And a lot of these people were still grieving, and the last thing I wanted to do was make them upset.

But I found some nice people eating in the student union, including one who was a close friend of the girl who lived and didn’t mind talking as long as the questions didn’t get too personal.

My job was to write a “color’ story about the mood of the campus, then attend the memorial service to write a short story for our Web page then write a full story and e-mail it back to The Press for the next day’s paper.

After camping in the college union – the students recommended the chicken sandwich – and filing the first story and sending a photo, I went across the street to the chapel and found a seat on the side near the front.

And then in walked the girl who survived and her family. It dawned on me that I had written dozens of stories about her and I had interviewed her friends, teammates, coaches and classmates. Yet this was the first time that I had actually seen the girl in person.

The campus is planning a memorial prayer chapel to be dedicated on the second anniversary of the crash.

I suddenly felt conspicuous and moved to the balcony that hugged the room on three sides, sitting off to the side again where I could observe the speakers and still see the reactions of the girl and her family.

And here’s where I felt like an intruder. In these situations we are torn between being an observer and a participant.

The speaker asked everyone to stand and sing two songs, then later to bow their heads in prayer. If I stood it would seem like I was participating. But if I remained seated I would draw attention to myself. I opted to stand and bow my head; writing only when there was something newsworthy being said.

The idea is to be able to be the eyes an ears of our readers and let them know what happened at an event they care about without hurting the people involved.

Friday, April 20, 2007

My pastor is way-cool -- for a Cubs fan

“Dave, body of Christ, given for you. And don’t forget about the draft at 3:30 today.”

“Amen, Pastor. And I’ll be there.”

It’s safe to say that the liturgy from last week’s Holy Communion was amended slightly. But how cool is my pastor?

I knew Pastor Paul was an inspirational speaker and mentor before we formally joined our church three years ago. What I didn’t know was that he’s a huge baseball fan – which only makes him more inspirational in my household.

He’s a Cubs fan, but that’s OK because it’s not like Cubbies are ever a threat in our Mets-centric world. And clearly, the team isn’t favored from above because we pray for it each week and, well, it’s still the Cubs.

And Pastor Paul always has my back – sometimes a little too aggressively. Last year I was pitching in a coed softball game and I heard a voice riding the umpire something fierce.

The Man in Blue shot me a look that said, “You’d better quiet that guy down or I’m going to squeeze this strike zone so much that it’s narrower than the ball.”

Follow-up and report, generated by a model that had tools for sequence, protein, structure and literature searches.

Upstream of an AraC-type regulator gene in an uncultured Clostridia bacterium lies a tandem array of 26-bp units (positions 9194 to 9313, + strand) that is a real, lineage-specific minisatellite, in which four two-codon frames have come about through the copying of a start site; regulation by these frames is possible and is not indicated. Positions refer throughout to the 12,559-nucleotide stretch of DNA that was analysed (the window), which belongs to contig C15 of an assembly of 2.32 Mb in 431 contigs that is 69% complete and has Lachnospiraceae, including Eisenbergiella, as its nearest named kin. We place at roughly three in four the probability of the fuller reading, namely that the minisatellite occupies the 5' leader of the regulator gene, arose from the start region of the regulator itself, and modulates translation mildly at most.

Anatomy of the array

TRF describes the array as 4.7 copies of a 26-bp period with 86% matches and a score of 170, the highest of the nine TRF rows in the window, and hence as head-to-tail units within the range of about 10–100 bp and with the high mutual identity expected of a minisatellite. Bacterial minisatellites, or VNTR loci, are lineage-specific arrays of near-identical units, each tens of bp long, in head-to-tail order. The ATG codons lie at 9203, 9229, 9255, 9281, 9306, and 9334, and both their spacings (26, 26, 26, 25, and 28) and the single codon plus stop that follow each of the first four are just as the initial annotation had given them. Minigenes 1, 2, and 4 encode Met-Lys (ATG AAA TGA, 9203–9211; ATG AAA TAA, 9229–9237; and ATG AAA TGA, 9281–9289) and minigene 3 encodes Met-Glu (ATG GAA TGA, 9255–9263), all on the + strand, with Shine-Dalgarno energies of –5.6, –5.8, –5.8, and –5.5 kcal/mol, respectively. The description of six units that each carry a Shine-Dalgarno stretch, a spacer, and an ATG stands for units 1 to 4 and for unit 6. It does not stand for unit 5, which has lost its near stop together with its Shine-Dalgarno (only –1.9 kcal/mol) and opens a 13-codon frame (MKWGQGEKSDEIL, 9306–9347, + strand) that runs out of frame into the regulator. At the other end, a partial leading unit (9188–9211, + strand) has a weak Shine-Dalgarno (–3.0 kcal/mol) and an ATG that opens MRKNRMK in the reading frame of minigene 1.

I looked over and it was Pastor Paul, standing behind the backstop, arguing balls and strikes.

So I confess it was more out of loyalty than anything else that I joined a fantasy baseball league he founded last year.

Before you start mocking, there are some things you need to know. I’m a reformed rotisserie guy.

I was big into rotisserie baseball back in 1987 when it was actually cool. And I got a sense that it was important to maintain the activity when I was hired at the Flint Journal three years later.

I made this observation after a fair part of the job interview consisted of rotisserie questions. I like to think that my clips were so strong that the editors had already decided to hire me and were just filling time. But that’s probably not the case.

And, as Will and I learned, the old-timers liked when newcomers joined the league – but weren’t as keen when we win it three years in a row. This led to some unpleasantness and there were some other assorted issues, and I swore off fantasy baseball forever.

But Pastor approached me last year, and he was so excited that I couldn’t turn him down.

It’s not your typical fantasy league. We draft players and assemble lineups and rotations, and a computer program simulates games using stats from the previous year.

This eliminates those “Is it wrong to cheer for my guy when he hits a homer against my real-life favorite team” debates.

The program also allows us to add two Hall-of-Famers, and uses an average of the player’s seven best seasons.

I went into this with a pretty simple strategy: Draft as many Mets as possible and absolutely no Yankees. Goodness knows that Yankee taint can ruin even a pretend team.

Naturally, my two Hall-of-Famers were Tom Seaver and Willie Mays. And I was able to snag Carlos Delgado, David Wright, Tom Glavine, Paul LoDuca, John Maine, Jose Valentin, Darren Oliver, Lastings Milledge and even Scott Kazmir (who I pretend is still a Met).

I did get stuck with one Skankee, Bobby Abreu, who was still a Phillie when I drafted him last year. I also have Jimmy Rollins just for the sheer irony of it all. Consider it reaching out the unchurched.

Now, I don’t want you to think that I belong to some strange church that puts baseball before everything else. Pastor Paul is as passionate about reaching out to the underprivileged as he is to the Cubs, and I’ve never seen a minister so skilled at reaching out to young people.